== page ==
On Monday morning I was on the beach at 7:15am watching a chubby moon disappear into the pink-purple horizon above the ocean while the sun rose over the dunes behind me. I was doing a highly edited (some might say “failed”) version of a full moon lunar eclipse ritual designed by Haus of Hoodoo founder, Jessyka Winston, that was in my Many Moons Planner. It suggested I spend the morning in silence and exfoliate myself with a combination of herbs I didn’t have and couldn’t get because the froufrou-witchy-herb store down the street doesn’t open til 8. So I decided the coffee scrub I’d made a few weeks ago would suffice. After walking back home, I stood in the shower scrubbing myself clean and concentrating with each slough on what I wanted to let go of.
One of the things that came up was jealousy — comparing myself to others and the fear that I don’t measure up.
For a very long time while I was deep in diet mode, the comparison arose most consistently around smaller-bodied women and the sense that they knew a secret I couldn’t seem to access.
Once I got deep into the healing work around my internalized fatphobia, the locus shifted away from bodies and to particular culturally-sanctioned markers of success - especially professional ones, but sometimes romantic ones. Still, the target was always other women. The feeling would seize me, and sometimes take hold for hours.
Jealousy is such an interesting thing to me. As immediate and intense as it feels when it hits, it has always struck me as a secondary emotion — a smokescreen for something else. I wanted to dig deeper into that hypothesis, but didn’t exactly know how.
Two days after the shower ritual I found myself at a tiny, dusty coffee shop on Polk Street in San Francisco. Just outside the entrance sat an older cross-legged man blasting “Who’s Gonna Drive You Home?” while casually reading the newspaper and nursing a small cup of tea, tiny dog at his feet. One single ceiling fan attempted to cool this wood-paneled hobbit hole during midday when the sun shines through the window with a vicious radiance that’ll leave the skin on your face as taut as a fresh dumpling. I love everything about this place — a time capsule of the city before — even the dark roast that always gives me heartburn. “Royal Grounds” is not exactly regal, but it does possess one creaky old chair that looks like a thrown. I sat in it while trying to concentrate on the words of my favorite psychotherapist-cum-Buddhist love/trauma expert, David Richo. I return to his book When Love Meets Fear whenever I feel like I need the reassuring words of an enlightened white man who could be my dad (if he were Mexican and/or Iranian). I wasn’t looking for anything in particular, but I landed on a passage that talked about jealousy:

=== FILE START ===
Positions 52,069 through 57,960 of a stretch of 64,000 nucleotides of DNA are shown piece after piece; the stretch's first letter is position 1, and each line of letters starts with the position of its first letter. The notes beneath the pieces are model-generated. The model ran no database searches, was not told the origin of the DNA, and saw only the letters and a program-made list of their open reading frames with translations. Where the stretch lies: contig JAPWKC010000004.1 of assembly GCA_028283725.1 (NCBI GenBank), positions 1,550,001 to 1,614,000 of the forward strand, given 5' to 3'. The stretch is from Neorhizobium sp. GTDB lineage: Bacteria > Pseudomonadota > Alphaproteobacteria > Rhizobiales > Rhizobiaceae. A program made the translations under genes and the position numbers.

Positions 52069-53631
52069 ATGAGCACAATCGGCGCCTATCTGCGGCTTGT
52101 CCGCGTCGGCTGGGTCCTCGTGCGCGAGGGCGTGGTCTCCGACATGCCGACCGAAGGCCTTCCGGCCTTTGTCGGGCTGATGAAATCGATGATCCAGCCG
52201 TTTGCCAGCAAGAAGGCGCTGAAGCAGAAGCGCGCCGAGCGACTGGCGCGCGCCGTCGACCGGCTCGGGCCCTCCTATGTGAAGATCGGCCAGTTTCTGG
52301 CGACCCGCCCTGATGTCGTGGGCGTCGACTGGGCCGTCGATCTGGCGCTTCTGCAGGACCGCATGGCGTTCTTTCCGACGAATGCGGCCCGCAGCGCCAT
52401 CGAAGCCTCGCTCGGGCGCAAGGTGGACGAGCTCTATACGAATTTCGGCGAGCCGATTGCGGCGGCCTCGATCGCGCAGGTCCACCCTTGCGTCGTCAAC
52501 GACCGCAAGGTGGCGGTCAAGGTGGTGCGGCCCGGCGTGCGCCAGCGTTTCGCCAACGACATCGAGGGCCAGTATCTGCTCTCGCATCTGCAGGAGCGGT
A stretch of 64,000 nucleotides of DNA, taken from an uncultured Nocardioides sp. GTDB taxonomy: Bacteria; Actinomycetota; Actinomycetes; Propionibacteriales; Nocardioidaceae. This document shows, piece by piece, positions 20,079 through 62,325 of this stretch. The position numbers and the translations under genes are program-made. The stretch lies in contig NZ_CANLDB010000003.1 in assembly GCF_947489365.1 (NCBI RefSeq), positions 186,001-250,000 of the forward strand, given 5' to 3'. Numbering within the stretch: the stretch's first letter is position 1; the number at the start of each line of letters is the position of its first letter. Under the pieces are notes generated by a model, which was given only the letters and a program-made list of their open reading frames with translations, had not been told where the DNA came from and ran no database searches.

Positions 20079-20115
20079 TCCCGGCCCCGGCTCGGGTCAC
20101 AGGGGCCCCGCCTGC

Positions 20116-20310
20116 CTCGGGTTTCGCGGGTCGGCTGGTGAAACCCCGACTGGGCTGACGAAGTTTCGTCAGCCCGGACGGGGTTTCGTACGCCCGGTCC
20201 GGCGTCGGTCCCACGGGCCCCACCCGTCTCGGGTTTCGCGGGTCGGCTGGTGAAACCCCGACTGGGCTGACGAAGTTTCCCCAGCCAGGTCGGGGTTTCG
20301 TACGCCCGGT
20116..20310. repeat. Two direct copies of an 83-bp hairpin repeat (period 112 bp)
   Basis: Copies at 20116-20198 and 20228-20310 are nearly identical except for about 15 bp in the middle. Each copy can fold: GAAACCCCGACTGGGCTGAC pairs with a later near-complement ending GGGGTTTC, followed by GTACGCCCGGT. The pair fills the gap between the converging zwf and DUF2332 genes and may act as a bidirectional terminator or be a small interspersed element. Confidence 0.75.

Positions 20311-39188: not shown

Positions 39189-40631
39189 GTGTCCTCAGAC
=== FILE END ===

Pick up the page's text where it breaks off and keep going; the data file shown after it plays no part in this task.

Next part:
“Jealousy is the ego’s word for grief: sadness, anger and fear.”
He continued, describing what is actually happening when jealousy shows up in the individual’s life: “I am overwhelmed with grief which I do not want to express fully and resolve. I want to dump it on the other person.”
I decided to look at my life through this lens. Let’s return to that moment when I used to compare my body to others. All those years I thought the root of my feeling was desire — “I want to be like her.” Maybe in actuality I was feeling anger at the unfairness of fatphobia and sadness that I had lost the beautiful relationship I used to have with my body before I was taught fatphobia. While I was dieting there was no way that I could grieve because dieting keeps the wound of our own self-hating mythology alive and denies that it is a wound at all.
Likewise, now when I look at the professional achievements of others and feel jealousy instead of joy, I can claim my power and recognize that maybe what I actually feel is anger at the economic unfairness or romantic discrimination I’ve experienced as a fat woman of color. Maybe I feel sad because seeing others’ relationships make me feel lonely or less valued culturally as a single woman.
Maybe the fact that these feelings land on other women points, in part, a feeling of sadness that I live in a culture that taught me that women are inferior, that I am inferior. Maybe I need to grieve the deep wound that sexism has left on my life.
Grief is something I can wrap my head around, and do in a loving and non-violent way.
In pursuing grief in other areas (like my family trauma) I’ve discovered it is powerful. Grief allows us to alchemize our trauma and become master healers who can help ourselves and others too. More than being “better” at something than another person, I actually want closeness, vulnerability and community based on the recognition that I am equal to the people around me. When I name that desire I am saying “I know everyone around me is amazing, talented, kind and when I recognize I am equal to them I must also recognize that I, too, am amazing, talented and kind.”
My friend Ann Friedman — alongside her bestie Aminatou Sow — coined the term “shine theory,” the idea that “if you don’t shine, I don’t shine.” When we apply shine theory to our relationships with other women and feminine people, this is a radical departure from our gendered socialization into competition (which is really self-hatred we are encouraged to project onto other women).
I thought back to the ritual I did. I wished with everything in me to no longer be distracted or threatened by others’ achievements. I knew that wishing wasn’t enough, though. I’d have to do some hard work interrogating what jealousy is, figuring out what it means to me, divesting from it, and having a plan of action for when the feeling comes up. Still working on that! For now, I remind myself of what is possible and what I really want: I want to seek out meaningful collaboration with people who are doing amazing work, to truly accept that all success is amplified through collective efforts, and to commit deeply to helping the people around me thrive.